When Tatiana Garcia-Granados started The Common Market, she just wanted to bring fresh farm food to her Philadelphia neighborhood of Strawberry Mansion. She never thought she would take on a national problem.
Tatiana Garcia-Granados – Co-Founder – The Common Market – Final Conformed Script
Tatiana: It’s cheaper to get a truckload of food from California than it is to get a pallet from Upstate New York to New York City. It doesn’t make any sense, but that’s just the way that our system has developed.
Tatiana: The Common Market is a non-profit distributor of local farm food. We make the connection between local farms in our region to the institutions and get the food into the communities that need the food the most.
TEXT: Tatiana Garcia-Granados – Co-Founder – The Common Market – Philadelphia, PA – USA
Tatiana: I was born in Guatemala and my father actually had a farm in Guatemala, a pretty big cattle farm. I just have really fond memories of being able to get coconuts from the trees and chopping open with a machete and getting a drink.
TEXT: In 1981, when Tatiana was 7, her family immigrated to Miami.
TEXT: After high school, she moved to Philadelphia to study International Relations at the University of Pennsylvania.
Tatiana: Right after college I actually went to, to work in Central Florida with migrant workers who are living in the US but who are just invisible in, you know, in our society. And I learned a lot about the food system.
TEXT: Tatiana planned to work in finance, and in 2001 she began her MBA at the University of Pennsylvania.
TEXT: There she met her husband, Haile Johnston.
Tatiana: When Haile and I discovered this amazing neighborhood in Philadelphia we were able to buy a house. And as we were spending more and more time there we also became aware of how much need there was and how much also opportunity there was for us to make a, a difference.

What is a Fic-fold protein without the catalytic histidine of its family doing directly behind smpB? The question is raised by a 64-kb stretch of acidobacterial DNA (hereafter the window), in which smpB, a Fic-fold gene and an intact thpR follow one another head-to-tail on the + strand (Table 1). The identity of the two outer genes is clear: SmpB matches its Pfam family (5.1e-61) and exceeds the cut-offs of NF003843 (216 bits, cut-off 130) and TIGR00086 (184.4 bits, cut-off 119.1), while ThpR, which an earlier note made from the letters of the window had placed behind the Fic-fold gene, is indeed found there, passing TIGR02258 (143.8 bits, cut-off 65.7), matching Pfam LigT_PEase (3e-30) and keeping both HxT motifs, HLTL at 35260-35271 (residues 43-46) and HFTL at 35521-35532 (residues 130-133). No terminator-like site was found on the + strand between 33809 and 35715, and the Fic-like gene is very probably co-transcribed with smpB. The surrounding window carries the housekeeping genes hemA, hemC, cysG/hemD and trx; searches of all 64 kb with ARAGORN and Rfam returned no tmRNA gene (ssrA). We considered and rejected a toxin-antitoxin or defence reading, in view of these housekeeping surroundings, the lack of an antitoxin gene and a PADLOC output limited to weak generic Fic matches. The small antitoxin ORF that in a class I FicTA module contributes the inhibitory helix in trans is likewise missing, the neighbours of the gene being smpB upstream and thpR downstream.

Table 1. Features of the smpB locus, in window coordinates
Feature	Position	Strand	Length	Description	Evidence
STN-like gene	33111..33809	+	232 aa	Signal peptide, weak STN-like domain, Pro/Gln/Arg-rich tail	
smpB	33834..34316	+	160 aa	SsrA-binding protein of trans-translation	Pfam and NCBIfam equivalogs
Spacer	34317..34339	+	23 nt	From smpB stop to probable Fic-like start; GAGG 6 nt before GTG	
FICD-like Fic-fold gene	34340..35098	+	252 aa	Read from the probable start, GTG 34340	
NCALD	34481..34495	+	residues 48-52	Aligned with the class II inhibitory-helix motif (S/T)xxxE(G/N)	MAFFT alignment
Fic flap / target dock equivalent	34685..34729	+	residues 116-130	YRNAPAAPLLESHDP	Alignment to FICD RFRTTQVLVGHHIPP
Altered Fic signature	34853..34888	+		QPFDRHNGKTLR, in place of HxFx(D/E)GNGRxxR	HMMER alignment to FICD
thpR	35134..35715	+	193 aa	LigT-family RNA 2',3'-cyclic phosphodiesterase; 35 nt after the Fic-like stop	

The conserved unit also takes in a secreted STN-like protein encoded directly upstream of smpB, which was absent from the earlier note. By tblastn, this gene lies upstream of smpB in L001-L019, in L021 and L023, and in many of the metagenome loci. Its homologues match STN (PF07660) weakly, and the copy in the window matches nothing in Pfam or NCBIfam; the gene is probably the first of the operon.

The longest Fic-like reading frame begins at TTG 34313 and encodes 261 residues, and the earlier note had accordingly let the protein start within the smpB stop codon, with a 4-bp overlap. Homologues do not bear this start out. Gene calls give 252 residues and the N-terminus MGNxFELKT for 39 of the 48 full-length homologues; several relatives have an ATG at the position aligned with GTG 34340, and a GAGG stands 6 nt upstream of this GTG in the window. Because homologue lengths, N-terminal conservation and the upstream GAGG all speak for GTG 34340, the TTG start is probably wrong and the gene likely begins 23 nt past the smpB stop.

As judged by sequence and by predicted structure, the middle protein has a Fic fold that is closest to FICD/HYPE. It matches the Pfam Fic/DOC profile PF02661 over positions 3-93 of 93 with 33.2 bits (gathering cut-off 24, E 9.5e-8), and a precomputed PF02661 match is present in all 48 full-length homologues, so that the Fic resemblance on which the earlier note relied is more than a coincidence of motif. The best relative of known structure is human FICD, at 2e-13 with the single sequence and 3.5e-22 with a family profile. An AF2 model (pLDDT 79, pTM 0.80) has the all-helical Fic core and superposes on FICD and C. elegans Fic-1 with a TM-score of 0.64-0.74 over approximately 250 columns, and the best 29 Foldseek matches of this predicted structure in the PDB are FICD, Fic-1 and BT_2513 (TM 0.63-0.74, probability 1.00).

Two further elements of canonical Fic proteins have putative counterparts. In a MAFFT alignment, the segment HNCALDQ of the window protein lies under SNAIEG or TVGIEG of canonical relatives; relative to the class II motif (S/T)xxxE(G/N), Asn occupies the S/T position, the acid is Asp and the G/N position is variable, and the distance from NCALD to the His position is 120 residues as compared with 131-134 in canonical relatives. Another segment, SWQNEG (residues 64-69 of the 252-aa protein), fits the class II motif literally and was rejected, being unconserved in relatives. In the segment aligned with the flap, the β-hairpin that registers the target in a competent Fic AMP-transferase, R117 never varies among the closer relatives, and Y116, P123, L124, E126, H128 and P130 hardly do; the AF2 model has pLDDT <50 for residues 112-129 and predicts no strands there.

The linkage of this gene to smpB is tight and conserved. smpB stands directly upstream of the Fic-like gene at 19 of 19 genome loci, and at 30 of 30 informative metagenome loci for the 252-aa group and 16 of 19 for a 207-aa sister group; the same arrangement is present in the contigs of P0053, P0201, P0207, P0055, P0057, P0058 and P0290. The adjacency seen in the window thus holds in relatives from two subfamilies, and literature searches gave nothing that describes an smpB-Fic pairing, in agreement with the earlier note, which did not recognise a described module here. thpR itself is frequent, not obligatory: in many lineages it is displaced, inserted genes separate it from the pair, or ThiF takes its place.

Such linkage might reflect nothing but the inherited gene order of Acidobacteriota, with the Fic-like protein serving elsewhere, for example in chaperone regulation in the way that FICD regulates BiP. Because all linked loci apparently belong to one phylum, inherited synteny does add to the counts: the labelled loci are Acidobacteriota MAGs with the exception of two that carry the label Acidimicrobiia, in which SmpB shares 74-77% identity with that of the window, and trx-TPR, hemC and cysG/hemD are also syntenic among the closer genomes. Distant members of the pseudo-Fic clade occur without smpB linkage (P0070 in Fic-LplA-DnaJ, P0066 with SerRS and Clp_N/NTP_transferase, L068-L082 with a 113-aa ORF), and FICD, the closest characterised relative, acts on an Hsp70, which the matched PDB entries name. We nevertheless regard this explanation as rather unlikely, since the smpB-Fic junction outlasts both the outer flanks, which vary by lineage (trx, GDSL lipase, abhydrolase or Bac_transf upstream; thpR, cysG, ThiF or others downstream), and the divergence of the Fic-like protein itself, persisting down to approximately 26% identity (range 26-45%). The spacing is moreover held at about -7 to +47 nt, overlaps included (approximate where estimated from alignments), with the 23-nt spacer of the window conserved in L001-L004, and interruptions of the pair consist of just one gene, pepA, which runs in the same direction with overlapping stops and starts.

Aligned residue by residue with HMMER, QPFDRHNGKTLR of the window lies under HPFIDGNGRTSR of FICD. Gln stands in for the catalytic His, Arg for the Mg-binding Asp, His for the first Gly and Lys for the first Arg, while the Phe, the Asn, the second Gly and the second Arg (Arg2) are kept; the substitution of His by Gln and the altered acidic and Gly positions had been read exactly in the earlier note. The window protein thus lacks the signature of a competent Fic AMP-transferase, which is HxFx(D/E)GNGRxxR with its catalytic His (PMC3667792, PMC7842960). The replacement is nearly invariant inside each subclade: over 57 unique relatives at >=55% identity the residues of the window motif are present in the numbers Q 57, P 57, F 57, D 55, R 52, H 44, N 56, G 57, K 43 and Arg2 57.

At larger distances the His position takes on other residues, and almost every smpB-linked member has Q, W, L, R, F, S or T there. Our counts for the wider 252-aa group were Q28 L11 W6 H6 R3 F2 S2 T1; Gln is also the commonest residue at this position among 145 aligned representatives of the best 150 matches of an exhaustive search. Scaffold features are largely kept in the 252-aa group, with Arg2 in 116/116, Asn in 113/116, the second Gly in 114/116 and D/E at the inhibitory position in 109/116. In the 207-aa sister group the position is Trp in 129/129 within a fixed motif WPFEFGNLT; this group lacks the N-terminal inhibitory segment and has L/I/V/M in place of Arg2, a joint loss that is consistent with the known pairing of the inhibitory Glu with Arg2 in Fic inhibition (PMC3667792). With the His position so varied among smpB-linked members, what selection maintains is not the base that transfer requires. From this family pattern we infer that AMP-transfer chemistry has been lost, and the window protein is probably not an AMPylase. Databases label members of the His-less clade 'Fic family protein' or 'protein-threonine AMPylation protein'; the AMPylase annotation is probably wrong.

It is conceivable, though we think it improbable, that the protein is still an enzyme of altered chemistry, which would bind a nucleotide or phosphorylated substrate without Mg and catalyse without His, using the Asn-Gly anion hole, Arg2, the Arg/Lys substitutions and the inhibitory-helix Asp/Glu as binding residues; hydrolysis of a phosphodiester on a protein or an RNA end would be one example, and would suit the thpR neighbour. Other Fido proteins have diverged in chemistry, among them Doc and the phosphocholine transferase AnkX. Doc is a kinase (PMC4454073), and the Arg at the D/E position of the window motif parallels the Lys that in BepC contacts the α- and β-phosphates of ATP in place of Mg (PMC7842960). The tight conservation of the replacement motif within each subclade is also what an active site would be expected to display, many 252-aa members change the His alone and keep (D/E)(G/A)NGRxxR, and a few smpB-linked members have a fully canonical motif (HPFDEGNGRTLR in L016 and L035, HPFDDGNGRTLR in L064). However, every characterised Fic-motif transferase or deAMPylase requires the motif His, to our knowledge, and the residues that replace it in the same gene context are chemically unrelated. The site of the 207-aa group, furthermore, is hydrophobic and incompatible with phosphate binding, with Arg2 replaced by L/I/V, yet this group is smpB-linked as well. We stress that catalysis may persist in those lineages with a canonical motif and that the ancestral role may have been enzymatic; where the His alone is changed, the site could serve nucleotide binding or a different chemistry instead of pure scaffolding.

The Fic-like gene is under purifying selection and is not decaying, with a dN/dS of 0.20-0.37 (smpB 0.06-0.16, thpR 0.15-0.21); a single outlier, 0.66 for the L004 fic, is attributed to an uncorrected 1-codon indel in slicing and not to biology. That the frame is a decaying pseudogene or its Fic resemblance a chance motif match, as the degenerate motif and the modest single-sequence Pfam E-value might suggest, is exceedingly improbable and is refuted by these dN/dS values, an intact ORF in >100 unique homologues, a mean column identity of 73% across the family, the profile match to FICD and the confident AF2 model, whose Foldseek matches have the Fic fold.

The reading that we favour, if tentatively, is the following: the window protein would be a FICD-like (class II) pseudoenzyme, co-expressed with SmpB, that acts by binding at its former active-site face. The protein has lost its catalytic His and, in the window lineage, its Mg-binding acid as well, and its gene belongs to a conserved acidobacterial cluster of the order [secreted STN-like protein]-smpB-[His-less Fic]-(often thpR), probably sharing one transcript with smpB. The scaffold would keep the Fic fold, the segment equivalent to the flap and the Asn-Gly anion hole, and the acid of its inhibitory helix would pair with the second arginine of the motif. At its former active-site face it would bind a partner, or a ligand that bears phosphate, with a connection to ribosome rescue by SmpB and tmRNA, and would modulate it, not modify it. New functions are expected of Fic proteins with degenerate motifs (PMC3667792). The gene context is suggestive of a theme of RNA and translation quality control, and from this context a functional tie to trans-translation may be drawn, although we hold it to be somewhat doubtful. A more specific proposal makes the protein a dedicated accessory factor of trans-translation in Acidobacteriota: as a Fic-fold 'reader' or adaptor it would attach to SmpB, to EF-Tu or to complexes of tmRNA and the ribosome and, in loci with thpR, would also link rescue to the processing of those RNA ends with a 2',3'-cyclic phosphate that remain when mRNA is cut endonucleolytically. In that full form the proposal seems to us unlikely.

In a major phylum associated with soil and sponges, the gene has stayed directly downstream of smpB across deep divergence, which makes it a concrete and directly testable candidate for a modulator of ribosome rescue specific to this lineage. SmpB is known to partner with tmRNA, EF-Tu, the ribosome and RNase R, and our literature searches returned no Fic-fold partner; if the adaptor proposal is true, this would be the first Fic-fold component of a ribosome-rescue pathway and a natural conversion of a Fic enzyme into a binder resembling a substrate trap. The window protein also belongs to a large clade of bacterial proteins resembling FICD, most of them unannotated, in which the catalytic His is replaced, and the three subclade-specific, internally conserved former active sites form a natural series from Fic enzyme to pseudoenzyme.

TEXT: Tatiana and Haile started a nonprofit organization called the East Park Revitalization Alliance.
Tatiana: We started with the goal of bringing resources into this community that had been, you know, really neglected for, for a long time. One of the most popular activities that we did with the, with the kids was healthy cooking classes. After doing it for a few months we realized, “If the kids wanna actually teach their parents or take what they’re learning home and prepare food for their families there’s no place in our neighborhood where they can buy this food.” And so that’s what, you know, kind of prompted our, our exploration into how do we get healthy food into the community itself.
TEXT: Tatiana and Haile realized that farmers’ markets couldn’t solve the problem.
Tatiana: Farmers, they’re low income, too, and they need to get a fair price for what they’re growing and it’s not gonna work if we have low-income farmers trying to serve low-income consumers. In order to make the food accessible and affordable it needs to be at a volume that can actually, you know, have efficiencies and start to bring some, the prices down.
TEXT: Tatiana and Haile wanted to buy food at fair prices from local farmers and sell it to institutions around the city.
TEXT: In 2008 they started a second nonprofit, The Common Market.
Tatiana: A non-profit structure would allow us to access the grants for capital, and then we’re also able to tap into kind of low interest loans for the capital that we needed to get started. Just to start up you need to have, you know, a refrigerated warehouse space. You need to have refrigerated trucks. You need very expensive assets in order to do this.
TEXT: The couple began by sourcing produce from just five farmers near Philadelphia.
Tatiana: Our farms are usually within the 75 mile range. It gives you an idea of how close the agriculture is to the city which makes it even more mind blowing that it’s so hard for the food to get here. We love working with institutions because a hospital or a public school is making a larger order.
SOT We made a salad out of that—
-Oh, I love (unintelligible).
-This is amazing.
Tatiana: And then also they’re typically working with some of the more marginalized people in our society.
TEXT: The Common Market works with more than 80 local farmers.
TEXT: The organization makes 75% of its revenue selling an average of 250,000 pounds of food a month.
Tatiana: We started a national expansion about a year ago, replicating our model to different regions in the country. One of the big challenges right now is trying to go from being a pretty small, lean startup based in Philadelphia, in one location. And by going national, how do we also replicate the culture, the strong culture that we have here? Our motivation for starting the Common Market was never about, you know, generating a profit. We just want to make sure that our food is accessible to everyone.
Posted: January 31, 2017